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Thread: Crowdfunding Translations

  1. #31
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    Quote Originally Posted by sam
    of those 3 options the middle one seems adequate.
    Why not use a site that is for free (no nibbeling required)... usually they take about 3-5 % as a fee once the campaign is funded.

    Also this is a small niche. Why need a platform? Why not just set up a PayPal and then crowdfund by word of mouth, sharing on FB, emailing everyone you know. Make it more direct and personal. Not sure how much money you need but if you spend 150 dollars on the platform alone well that could have paid many hours of translating.

    Quote Originally Posted by sam
    I would also suggest to make the printed version EXPENSIVE rather than cheap. I have observed that people who know the value of this work are willing to shell out 50 or even 100 bucks for a book whichs translation, if done solely for them, would cost 20 times that money. The cheap characters will never pay that kind of money (unless they create a mafia style cooperation - but thats far fetched). Thats saves us from "uploads" indefinitely.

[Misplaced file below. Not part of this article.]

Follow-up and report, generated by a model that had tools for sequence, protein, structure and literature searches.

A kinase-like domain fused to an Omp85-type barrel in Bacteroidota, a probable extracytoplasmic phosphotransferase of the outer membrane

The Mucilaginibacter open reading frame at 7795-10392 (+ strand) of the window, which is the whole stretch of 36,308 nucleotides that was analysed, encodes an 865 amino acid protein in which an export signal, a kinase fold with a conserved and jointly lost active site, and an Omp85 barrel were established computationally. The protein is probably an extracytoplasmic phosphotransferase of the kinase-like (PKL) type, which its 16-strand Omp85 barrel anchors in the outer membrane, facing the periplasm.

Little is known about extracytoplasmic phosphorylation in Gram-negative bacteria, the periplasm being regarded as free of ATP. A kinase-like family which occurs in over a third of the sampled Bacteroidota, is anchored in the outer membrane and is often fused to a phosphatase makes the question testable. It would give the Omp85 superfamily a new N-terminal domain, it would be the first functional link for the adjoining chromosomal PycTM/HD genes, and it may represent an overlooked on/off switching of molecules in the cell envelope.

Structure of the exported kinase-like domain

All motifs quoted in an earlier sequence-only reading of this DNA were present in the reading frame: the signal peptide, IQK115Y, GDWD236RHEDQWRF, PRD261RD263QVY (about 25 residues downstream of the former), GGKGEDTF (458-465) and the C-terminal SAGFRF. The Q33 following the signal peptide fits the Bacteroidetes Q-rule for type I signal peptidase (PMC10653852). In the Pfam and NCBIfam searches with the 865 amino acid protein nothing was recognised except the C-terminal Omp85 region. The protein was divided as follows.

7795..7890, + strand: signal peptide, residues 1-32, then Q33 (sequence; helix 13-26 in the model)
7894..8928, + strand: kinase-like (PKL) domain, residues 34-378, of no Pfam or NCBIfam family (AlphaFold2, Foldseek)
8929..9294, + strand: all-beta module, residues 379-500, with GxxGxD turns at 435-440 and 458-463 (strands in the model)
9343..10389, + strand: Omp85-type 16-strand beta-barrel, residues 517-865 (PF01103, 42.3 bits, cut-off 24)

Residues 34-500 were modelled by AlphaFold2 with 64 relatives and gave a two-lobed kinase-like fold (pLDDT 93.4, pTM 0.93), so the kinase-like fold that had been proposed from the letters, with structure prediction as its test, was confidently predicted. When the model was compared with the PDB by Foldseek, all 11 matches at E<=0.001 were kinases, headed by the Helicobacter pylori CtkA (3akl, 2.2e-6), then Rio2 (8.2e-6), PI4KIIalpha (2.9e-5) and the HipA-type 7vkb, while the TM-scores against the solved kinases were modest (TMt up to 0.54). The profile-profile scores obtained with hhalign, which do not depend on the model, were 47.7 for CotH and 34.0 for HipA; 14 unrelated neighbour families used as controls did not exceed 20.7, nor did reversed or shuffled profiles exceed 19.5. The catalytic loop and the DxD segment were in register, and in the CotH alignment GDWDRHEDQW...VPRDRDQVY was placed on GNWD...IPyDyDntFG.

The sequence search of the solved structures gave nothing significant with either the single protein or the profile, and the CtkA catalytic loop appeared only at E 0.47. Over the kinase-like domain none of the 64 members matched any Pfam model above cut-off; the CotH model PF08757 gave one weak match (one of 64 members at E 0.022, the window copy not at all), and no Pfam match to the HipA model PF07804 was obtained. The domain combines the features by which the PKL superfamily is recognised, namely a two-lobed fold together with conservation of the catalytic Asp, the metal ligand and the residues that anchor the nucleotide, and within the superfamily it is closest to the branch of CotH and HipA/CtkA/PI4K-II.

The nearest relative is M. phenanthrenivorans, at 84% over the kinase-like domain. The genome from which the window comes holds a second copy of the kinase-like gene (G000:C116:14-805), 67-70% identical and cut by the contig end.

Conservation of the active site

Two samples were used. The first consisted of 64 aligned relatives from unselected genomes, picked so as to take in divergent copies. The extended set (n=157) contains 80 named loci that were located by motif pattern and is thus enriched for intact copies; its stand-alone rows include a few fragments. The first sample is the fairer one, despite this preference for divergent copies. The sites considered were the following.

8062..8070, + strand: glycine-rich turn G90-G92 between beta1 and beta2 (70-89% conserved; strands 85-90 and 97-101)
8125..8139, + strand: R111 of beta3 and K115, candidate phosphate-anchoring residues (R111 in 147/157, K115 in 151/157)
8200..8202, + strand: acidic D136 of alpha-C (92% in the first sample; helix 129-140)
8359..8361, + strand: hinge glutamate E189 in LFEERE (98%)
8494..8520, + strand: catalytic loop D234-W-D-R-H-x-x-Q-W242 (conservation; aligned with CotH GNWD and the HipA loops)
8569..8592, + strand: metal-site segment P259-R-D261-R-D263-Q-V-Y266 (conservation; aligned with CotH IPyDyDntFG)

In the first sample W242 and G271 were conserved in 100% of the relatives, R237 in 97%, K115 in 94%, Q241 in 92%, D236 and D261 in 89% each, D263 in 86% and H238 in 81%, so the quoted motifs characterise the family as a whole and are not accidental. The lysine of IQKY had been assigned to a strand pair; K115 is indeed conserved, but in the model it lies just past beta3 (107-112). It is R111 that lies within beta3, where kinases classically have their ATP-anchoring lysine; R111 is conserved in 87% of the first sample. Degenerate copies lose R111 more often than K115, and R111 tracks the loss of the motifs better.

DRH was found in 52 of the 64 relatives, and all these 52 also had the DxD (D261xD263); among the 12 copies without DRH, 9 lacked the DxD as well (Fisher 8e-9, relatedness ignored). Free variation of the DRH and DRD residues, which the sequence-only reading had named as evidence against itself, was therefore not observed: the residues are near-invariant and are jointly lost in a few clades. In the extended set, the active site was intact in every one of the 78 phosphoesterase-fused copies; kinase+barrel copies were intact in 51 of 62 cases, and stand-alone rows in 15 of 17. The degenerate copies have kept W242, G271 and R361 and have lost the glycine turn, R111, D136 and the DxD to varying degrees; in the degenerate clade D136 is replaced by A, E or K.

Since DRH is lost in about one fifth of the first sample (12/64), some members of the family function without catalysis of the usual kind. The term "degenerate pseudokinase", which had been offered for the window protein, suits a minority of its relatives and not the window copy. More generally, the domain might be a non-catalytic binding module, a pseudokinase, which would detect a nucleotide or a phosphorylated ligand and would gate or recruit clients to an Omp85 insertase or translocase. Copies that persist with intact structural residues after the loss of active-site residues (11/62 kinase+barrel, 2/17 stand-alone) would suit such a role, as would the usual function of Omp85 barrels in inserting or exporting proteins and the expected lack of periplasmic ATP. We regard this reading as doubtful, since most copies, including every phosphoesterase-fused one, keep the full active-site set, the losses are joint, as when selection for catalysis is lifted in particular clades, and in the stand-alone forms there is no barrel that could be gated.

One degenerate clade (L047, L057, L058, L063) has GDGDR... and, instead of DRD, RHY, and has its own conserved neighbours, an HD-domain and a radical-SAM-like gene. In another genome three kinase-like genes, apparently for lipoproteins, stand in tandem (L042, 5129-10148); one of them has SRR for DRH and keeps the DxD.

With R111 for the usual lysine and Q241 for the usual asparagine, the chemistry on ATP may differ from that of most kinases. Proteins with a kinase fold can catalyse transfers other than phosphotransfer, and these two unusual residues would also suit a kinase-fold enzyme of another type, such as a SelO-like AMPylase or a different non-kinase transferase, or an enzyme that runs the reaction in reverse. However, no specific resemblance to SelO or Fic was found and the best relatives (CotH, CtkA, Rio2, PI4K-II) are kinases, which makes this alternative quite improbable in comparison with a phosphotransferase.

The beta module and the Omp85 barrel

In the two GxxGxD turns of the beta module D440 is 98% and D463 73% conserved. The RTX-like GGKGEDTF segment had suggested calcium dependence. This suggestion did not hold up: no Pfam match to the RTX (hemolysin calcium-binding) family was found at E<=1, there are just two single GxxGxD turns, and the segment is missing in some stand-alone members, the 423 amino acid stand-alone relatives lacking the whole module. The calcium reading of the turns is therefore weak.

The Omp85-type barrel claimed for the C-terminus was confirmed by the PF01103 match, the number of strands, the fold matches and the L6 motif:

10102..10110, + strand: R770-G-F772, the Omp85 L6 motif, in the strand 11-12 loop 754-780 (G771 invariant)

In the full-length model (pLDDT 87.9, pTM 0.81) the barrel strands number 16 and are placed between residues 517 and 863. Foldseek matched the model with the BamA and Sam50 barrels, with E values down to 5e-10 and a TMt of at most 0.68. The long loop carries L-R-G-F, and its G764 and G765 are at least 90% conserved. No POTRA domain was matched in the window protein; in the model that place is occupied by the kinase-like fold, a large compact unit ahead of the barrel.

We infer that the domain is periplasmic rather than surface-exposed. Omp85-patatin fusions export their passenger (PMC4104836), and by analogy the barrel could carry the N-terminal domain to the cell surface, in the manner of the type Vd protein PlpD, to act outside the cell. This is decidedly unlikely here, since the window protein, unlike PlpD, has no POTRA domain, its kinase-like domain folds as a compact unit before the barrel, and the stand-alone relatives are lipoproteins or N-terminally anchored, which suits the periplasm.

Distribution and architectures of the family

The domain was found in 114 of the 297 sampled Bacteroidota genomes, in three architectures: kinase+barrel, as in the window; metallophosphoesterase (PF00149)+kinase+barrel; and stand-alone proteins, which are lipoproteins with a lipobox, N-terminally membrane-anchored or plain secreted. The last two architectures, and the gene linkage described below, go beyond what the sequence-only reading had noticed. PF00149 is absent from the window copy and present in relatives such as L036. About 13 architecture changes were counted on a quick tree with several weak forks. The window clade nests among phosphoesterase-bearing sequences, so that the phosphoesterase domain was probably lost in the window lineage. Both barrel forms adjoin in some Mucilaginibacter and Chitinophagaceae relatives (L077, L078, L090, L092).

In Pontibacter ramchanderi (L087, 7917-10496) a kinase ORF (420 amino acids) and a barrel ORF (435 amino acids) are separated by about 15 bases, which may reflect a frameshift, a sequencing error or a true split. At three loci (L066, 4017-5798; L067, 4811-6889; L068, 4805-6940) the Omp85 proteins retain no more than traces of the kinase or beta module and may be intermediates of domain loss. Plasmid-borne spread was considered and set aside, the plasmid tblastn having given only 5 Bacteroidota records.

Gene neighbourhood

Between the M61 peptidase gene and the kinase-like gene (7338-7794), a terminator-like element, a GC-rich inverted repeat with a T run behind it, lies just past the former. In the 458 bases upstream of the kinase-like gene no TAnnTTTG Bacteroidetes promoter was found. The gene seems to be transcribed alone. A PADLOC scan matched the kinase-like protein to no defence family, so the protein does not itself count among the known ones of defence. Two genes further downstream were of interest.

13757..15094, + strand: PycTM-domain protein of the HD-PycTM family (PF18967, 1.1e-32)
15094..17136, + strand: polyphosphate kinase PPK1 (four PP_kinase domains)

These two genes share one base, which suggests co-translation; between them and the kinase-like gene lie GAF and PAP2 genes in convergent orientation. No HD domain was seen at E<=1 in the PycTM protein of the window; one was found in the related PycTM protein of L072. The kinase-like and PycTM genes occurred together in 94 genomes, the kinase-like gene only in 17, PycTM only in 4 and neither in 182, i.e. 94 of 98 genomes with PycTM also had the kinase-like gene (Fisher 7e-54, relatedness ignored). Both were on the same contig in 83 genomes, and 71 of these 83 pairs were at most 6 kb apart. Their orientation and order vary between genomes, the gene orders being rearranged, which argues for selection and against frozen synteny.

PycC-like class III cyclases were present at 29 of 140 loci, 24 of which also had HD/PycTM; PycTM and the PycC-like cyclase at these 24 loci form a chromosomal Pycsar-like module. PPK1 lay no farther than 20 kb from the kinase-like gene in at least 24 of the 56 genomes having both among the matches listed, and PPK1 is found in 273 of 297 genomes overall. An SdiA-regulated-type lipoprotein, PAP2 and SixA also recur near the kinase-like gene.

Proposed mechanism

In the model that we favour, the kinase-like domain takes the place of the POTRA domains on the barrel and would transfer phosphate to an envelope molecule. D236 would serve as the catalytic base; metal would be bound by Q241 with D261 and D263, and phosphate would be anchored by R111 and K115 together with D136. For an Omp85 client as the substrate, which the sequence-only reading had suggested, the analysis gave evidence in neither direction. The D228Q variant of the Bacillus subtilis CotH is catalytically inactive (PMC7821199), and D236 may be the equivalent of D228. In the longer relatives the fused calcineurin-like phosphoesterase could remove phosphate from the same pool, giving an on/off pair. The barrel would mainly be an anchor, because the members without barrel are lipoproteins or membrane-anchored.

When the translator has been paid just let it go for free. There can always be a LULU copy that people can get for a price just to cover the cost of LULU.

    If you want to make money on it after the people who has already done the work has been paid, then I think you should invest in it yourself and do it like a business. If it is not a business don't treat it as one, if it is... do, but then don't do crowdfunding unless everyone reaps the profits... which is guaranteed to cause a major headache.

    The point was to be able to read alchemical works that are in a different language, that is it. Why complicate things?

    Last edited by Awani; 02-02-2015 at 01:40 PM.
    Don’t let the delusion of reality confuse you regarding the reality of the illusion.


  2. #32
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    Quote Originally Posted by dev View Post
    Why not use a site that is for free (no nibbeling required)... usually they take about 3-5 % as a fee once the campaign is funded.
    the specific ones take more like 5-10% and the general ones are of no use for us (see below)